Both signals and systems can be analyzed in the time-, frequency-, and s- and z-domains. Leaving the time-domain requires a transform and then an inverse transform to return to the time-domain. As you work to and from the time domain, referencing tables of both transform theorems and transform pairs can speed your progress and make the work easier. Use this table of common pairs for the continuous-time Fourier transform, discrete-time Fourier transform, the Laplace transform, and the z-transform as needed. Working in the frequency domain means you are working with Fourier transform and discrete-time Fourier transform — in the s-domain. Using Fourier transforms for continuous-time signals Here is a short table of theorems and pairs for the continuous-time Fourier transform (FT), in both frequency variable The forward and inverse transforms for these two notational schemes are defined as: . . . and here's the table: Applying Fourier transform to discrete-time signals For discrete-time signals and systems the discrete-time Fourier transform (DTFT) takes you to the frequency domain. A short table of theorems and pairs for the DTFT can make your work in this domain much more fun. The discrete-time frequency variable is The forward and inverse transforms are defined as: . . . and here's the table: Using the Laplace transform in the s-domain For continuous-time signals and systems, the one-sided Laplace transform (LT) helps to decipher signal and system behavior. It's also the best approach for solving linear constant coefficient differential equations with nonzero initial conditions. The one-sided LT is defined as: The inverse LT is typically found using partial fraction expansion along with LT theorems and pairs. Here's a short table of LT theorems and pairs. Letting the z-Transform help with signals and systems analysis For discrete-time signals and systems, the z-transform (ZT) is the counterpart to the Laplace transform. With the ZT you can characterize signals and systems as well as solve linear constant coefficient difference equations. The two-sided ZT is defined as: The inverse ZT is typically found using partial fraction expansion and the use of ZT theorems and pairs. Here is a short table of ZT theorems and pairs.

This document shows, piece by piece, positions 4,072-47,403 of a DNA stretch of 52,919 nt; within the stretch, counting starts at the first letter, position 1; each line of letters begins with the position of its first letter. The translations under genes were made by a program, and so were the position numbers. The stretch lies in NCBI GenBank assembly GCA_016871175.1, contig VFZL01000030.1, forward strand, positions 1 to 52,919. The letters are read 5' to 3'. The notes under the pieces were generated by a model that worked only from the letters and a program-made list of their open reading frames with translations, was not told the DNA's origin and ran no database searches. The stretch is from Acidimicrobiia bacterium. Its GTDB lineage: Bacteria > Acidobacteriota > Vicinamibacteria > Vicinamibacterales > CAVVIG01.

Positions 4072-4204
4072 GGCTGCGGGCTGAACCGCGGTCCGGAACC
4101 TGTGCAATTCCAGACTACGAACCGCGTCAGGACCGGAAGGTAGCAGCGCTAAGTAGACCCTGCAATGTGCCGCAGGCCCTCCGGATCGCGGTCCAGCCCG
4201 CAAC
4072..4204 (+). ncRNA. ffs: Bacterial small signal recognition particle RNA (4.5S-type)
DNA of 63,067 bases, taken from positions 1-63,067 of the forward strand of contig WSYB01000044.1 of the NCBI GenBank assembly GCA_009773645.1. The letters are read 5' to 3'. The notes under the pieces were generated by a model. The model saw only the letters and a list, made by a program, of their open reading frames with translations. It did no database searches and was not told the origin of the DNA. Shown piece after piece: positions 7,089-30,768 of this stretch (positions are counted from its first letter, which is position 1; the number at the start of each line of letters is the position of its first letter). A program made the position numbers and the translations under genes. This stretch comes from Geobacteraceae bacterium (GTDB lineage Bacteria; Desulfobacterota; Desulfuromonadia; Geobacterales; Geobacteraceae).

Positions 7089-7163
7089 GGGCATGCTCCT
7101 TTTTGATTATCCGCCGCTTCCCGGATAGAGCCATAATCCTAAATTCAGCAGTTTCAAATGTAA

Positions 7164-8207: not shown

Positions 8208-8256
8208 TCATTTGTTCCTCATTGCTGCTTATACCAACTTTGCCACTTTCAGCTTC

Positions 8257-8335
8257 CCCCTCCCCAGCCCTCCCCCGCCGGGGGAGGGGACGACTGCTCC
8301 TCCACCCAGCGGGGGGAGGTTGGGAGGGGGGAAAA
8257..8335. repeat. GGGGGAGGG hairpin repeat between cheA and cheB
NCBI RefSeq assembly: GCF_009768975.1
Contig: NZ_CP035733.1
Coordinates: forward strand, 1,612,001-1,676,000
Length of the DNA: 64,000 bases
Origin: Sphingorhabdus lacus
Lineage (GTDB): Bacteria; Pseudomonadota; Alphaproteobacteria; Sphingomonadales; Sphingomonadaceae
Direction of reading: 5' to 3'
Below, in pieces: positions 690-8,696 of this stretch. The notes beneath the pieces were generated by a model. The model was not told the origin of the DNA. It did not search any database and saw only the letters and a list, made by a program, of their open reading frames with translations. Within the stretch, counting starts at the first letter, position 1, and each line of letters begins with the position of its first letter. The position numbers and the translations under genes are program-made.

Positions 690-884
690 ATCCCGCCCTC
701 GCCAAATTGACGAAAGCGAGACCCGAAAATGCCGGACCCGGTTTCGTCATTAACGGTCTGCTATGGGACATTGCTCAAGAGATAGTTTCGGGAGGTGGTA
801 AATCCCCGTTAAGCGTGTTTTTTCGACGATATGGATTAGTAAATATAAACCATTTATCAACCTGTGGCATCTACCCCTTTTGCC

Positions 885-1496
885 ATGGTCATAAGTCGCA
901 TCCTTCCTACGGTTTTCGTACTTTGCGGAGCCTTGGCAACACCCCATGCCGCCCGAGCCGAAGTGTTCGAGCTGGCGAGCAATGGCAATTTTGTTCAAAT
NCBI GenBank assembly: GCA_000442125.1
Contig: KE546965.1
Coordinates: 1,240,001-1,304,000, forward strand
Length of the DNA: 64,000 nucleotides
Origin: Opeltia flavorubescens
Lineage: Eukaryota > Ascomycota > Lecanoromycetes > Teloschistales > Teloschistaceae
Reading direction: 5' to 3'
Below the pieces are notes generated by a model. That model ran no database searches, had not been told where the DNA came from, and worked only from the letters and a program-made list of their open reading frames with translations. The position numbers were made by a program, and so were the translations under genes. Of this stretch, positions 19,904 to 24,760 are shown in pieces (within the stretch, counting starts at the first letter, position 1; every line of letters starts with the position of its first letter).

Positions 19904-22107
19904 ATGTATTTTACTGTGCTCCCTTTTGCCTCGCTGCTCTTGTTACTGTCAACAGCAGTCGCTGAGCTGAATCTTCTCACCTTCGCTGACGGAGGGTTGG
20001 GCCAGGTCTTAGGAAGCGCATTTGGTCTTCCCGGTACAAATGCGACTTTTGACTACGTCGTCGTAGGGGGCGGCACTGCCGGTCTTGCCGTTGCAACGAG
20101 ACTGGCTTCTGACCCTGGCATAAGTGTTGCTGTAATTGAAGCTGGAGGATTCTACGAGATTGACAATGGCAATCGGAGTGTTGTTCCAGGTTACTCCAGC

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Getting to Know the Mathematical Foundation of Signals and Systems

Article / Updated 03-26-2016